Waubgeshig Rice

The reader is forced to bear witness to colonialism’s centuries-old damage on Canada’s First Nations people. Of Michi Saagiig Nishnaabeg ancestry, Simpson draws painful portraits of everyday life, many personal, which exhibit the hereditary nature of colonialism’s scars. Simpson traces these scars with a delicate finger, writing with a fragility punctuated by moments of anger and sadness. Her raw prose spills across the page in a tumble of complex thoughts and emotions.

Natascia Lypny, Telegraph-Journal

How many lives, Leanne Simpson, have you lived to create this most incredible collection? Astounding storytelling. Wondrous prose. Islands of Decolonial Love is a constellation of galaxies that I never want to leave. Wow!

Richard Van Camp

Subject Short Stories, Native American & Aboriginal, Literary Fiction
Published October 2013
Price $14.95 CDN
Pages 148 pp (Paper)
Dimensions 5.5″ × 8.5″ × .38″
ISBN-10 189403788x
ISBN-13 9781894037884

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  • Wendy Bone, in Prism International writes:

    “Simpson dives deep into the heart of what it’s like to live under such conditions, yet amazingly, she also shows that an Indigenous revival is emerging from our tragic history. The people of her stories and poems can be found on reservations, in the city or out on the land in Ontario or eastern Canada, often feeling disconnected, but finding moments of love, strength or self-knowledge.”

  • Marilyn Dumont, in Arc Poetry Magazine writes:

    Some readers may take exception to Simpson’s unconventional approach to story structure, characterization, and European literary aesthetic, but her use of Indigenous rhetoric when working in the English language exposes the power imbalance inherent in the colonizing effects of English, which undermined our stories as legend and our songs as entertainment. Through her moving stories and credible characters, Simpson reasserts and honours Indigenous forms of expression.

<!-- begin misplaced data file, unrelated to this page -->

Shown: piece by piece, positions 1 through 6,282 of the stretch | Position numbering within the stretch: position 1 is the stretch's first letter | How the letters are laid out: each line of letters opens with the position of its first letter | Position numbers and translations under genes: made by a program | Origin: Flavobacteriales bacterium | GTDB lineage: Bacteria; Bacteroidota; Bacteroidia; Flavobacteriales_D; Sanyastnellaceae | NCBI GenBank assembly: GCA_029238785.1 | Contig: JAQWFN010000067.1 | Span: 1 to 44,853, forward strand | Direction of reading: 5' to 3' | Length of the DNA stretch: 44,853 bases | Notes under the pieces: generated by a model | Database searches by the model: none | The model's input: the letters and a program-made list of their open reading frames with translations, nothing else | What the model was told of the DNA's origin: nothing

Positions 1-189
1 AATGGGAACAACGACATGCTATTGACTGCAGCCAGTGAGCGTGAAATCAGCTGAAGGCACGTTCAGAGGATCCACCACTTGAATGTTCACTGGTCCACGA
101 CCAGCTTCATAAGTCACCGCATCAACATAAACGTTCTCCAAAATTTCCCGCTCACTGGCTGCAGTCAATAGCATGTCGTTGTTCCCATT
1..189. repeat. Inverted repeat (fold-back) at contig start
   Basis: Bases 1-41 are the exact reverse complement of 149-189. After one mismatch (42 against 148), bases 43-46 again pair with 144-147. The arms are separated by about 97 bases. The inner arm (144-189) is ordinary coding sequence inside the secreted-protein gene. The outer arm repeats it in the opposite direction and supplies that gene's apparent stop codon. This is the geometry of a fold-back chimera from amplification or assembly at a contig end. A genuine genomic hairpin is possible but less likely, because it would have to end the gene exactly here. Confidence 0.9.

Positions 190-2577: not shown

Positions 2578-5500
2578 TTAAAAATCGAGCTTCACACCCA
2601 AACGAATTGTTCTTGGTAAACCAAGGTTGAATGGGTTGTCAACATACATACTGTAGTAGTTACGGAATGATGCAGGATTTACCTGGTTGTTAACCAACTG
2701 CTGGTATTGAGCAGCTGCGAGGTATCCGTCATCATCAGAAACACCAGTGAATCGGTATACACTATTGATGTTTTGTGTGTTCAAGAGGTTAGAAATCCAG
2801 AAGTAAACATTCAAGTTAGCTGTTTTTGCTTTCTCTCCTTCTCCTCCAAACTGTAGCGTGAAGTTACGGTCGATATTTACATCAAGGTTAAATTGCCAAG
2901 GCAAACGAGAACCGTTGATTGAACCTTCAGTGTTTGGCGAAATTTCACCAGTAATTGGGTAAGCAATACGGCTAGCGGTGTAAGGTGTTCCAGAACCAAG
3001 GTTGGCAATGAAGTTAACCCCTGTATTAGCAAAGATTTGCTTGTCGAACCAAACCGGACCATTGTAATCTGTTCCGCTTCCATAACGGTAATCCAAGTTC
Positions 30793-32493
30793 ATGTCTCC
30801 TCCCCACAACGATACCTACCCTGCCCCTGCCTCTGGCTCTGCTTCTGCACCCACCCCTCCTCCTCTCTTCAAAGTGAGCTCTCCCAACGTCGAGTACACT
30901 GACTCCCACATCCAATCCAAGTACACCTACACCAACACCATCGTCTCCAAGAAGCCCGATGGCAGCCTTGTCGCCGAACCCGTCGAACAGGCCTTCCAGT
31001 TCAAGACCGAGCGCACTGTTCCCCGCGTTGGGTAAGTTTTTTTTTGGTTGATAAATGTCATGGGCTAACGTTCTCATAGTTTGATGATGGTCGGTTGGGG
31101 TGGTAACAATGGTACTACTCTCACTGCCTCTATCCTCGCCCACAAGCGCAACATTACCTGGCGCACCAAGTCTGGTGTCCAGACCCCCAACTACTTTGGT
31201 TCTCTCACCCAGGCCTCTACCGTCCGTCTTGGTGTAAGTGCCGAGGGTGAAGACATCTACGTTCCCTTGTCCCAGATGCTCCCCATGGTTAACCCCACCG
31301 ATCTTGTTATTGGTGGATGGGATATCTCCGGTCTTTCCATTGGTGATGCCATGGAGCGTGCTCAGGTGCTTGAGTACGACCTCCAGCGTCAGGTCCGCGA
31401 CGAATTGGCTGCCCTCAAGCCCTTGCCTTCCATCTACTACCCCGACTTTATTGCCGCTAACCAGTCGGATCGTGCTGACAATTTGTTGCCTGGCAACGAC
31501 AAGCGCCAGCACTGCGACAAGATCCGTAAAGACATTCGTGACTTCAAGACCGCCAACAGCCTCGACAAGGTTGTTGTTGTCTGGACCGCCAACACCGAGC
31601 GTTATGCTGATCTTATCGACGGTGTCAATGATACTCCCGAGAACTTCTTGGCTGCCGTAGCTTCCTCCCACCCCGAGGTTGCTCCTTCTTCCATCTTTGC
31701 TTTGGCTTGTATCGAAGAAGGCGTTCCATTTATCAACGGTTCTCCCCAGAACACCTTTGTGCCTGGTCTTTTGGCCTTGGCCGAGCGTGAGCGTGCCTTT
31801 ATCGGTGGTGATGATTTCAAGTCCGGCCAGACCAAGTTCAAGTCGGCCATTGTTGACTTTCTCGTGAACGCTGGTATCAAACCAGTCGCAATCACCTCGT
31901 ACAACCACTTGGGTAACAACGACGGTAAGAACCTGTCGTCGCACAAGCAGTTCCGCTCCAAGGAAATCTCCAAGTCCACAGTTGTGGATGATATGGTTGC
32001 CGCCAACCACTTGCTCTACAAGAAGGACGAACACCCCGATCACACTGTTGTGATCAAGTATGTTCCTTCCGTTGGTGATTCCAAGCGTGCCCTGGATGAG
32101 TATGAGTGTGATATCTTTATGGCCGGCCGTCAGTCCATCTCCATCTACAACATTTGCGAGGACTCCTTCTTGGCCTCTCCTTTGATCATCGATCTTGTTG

• Jamaias DaCosta, in Muskrat Magazine writes:

    As a lover of storytelling and literature, my tendency is to have deep emotional responses to whatever I am reading. Every so often, a book comes along that, as I delve deeper into the pages, is something like peering into a body of water and seeing the wonder of stars and ancestors reflected back in glorious undulation. Forgive the flowery simile, but that is exactly how I felt as I cradled Leanne Simpson’s latest book Islands of Decolonial Love. I say cradled, because I felt something close to reverence as I was drawn into each short story and poem.

About the Author

Leanne Simpson is a researcher, writer, and educator of Mississauga and Scottish ancestry. She is a member of the gidigaa bzhiw dodem and a citizen of the Nishnaabeg nation. Leanne holds a PhD from the University of Manitoba and is the past director of Indigenous Environmental Studies at Trent University.

Her research interests include Indigenist theory and methodology, Indigenous political cultures and traditional governance, Nishnaabeg women, Indigenous Knowledge, and Indigenous philosophies on land and the environment. Leanne currently teaches at the Centre for World Indigenous Knowledge at Athabasca University and has previously taught at Trent University, the University of Victoria, the University of Manitoba, and Tampere University in Finland.